Milking cows/Oats/Grassfed Question

Discussion in 'Cattle' started by Ranchermom, Oct 25, 2005.

  1. Ranchermom

    Ranchermom Sam at the Pecan Ranch

    Oct 25, 2005
    South Texas
    Is there anyone out there that has a milking cow that does NOT give their cow oats? Hay, Pasture and maybe some alfalfa? I want to see how the milk production is without the oats.

  2. uncle Will in In.

    uncle Will in In. Well-Known Member Supporter

    May 11, 2002
    Years ago it was common for small farmers to milk a small herd of cows that got nothing but grass and a block of salt to lick. When the grass was lush in the spring, they milked really well, but gave less when the pasture got dry and it was also later in their lactation. As long as the cow is in good flesh and giving as much milk as you need I see no reason to buy expensive feed for her.

  3. Horace Baker

    Horace Baker Well-Known Member

    Nov 22, 2004
    NW CT
    We milk year round on grass and hay only. As the previous poster said, on lush grass, milk is up, on hay it is lower. Right now I have cows on 1st cut hay and what's left of pasture (not much), feeding 2nd cut grass hay in the manger at milking. Some cows milking once a day, some twice. Our lowest producer is around 8 lbs., highest 20 lbs. We had a few up to 35 lbs. on good grass in early summer.

    We watch body condition and go to once a day milking if the cow needs a break, if she's really struggling we'll dry her off early. The cows are all healthy and happy on this regime and most have a calf every 12 months or less.

    Hope this helps, just one person's experience, others may have different results. It helps I think to have cows that aren't too highly bred for production on hot feed.
  4. pygmywombat

    pygmywombat Well-Known Member

    Sep 7, 2002
    Northeastern Ohio
    It all depends on the cow. Some cows thrive on grass only and drop their production to a lower level, some cows keep on milking where they were and become skeletons. If you have good pasture and hay (and I would definately feed a portion of alfalfa because they need the protein) try it out. If the cow is on grain now wean her off gradually and watch her body condition. If she starts getting thin up her grain a little. She may do just fine or may never be able to manage it. The way milk cows have been bred the past few decades makes a good majority of them produce milk at the expensive of their own body's reserves and they really need grain.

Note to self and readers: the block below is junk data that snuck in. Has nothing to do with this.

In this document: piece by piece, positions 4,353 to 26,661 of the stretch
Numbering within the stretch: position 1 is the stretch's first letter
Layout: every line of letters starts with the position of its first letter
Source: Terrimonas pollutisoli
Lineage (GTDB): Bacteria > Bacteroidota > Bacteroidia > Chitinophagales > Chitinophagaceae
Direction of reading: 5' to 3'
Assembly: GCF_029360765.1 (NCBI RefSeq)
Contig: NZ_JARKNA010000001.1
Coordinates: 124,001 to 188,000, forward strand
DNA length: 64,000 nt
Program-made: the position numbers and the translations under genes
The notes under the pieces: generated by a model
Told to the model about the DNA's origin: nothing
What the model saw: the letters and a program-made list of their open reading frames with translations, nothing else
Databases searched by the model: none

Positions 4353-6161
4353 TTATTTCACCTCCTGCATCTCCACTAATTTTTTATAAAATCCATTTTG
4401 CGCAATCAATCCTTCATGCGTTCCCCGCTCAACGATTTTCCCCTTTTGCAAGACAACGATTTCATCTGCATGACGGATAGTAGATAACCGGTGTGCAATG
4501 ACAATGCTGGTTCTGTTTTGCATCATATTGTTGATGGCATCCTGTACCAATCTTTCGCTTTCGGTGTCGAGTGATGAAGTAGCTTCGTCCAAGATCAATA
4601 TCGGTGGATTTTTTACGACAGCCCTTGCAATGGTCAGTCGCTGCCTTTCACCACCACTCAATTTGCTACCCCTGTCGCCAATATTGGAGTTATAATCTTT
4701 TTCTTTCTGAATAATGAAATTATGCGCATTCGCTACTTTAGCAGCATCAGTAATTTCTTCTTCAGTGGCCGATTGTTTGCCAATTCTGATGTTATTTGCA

5. Jennifer L.

    Jennifer L. Well-Known Member Supporter

    May 10, 2002
    New York bordering Ontario
    I've had a couple of times in my herd where for some reason there was no grain. Once was during the ice storm of '98 where they were out for maybe two weeks, and the other time was when the computer feeder was down for almost 6 weeks. Each time the cows dropped quite quickly to 5/8 of normal production. I'd tend to believe if they never had grain at all, they'd probably be in that range as well. So a 15,000# milker would be down around 9000#. Which would be fine for house milk.

  6. agmantoo

    agmantoo agmantoo Supporter

    May 22, 2003
    Zone 7
    I am a beef farmer so I have no true idea of how much milk my cows provide for their offspring. I do know that my cows have nothing but endophyte infected fescue with some clover as a diet for 365 days per year. These cattle grow some nice calves and the cows maintain themselves in good condition. The calves will weigh 60% or more of their mothers weight when they are sent to market at around 7 + months of age. I feel certain that the quantity of milk would exceed the needs of a typical family. Man has provided grain for cows, otherwise they would have a grass diet.
  7. phantompark

    phantompark Well-Known Member

    Sep 1, 2003
    I have a Jersey, that is only on grass (all summer till last week) and now hay. I feed half a good grass mix hay and half alfalfa hay. She is pleasingly plump. I haven't found many people who have done the same. So just like other people here responded. I have watched her body condition. She isn't skinny, I'm not sure if she is fat. But then it is only November and the weather has been warm, warm, warm. Which is rare for central NYS. So maybe when the cold cruddy weather gets here she will burn some of the plump off.
    She was a first time mom and we shared miling with her calf, till that got out of hand when the calf was 2 or 3 months of age. We weaned her and the calf stayed on pasture with the highlander herd. Mom was in separate pasture. She is big and healthy. Well we were getting about 4 gallons a day at peak (and sharing with the calf!) That slowly went down since August. Now She is down to 1 gallon pm milking and 1 1/2 gallon am milking. (3 weeks ago, she was still on good pasture and it was 2 gallons am, and 1 1/2 pm) I was going to go to once a day milking but I think I'll wait till end of December or so. When winter gets here. Not to sure how I'll go about that though. I keep reading about mastitis problems...... need more input...
    A goat person who raises hers on grass/hay suggested adding beat pulp, but my girl turned her nose up at it. She does like tomatoes and apples! I give her salt and a mineral mix free choice.
    Dairy farmers around here say I will shorten her life by not giving 15 pounds of grain a day. Something about ruining her body condition at her second calving. But since their animals are dead by 4 or 5 years old, I have taken to ignoring them as I have a very healthy, active, bright eyed, lots of curious attitude Jersey. Her calf was a pure bred Jersey (both are dark brown), and the cow has been bred to our Highlander bull, so that should be an interesting mix. We'll see come May!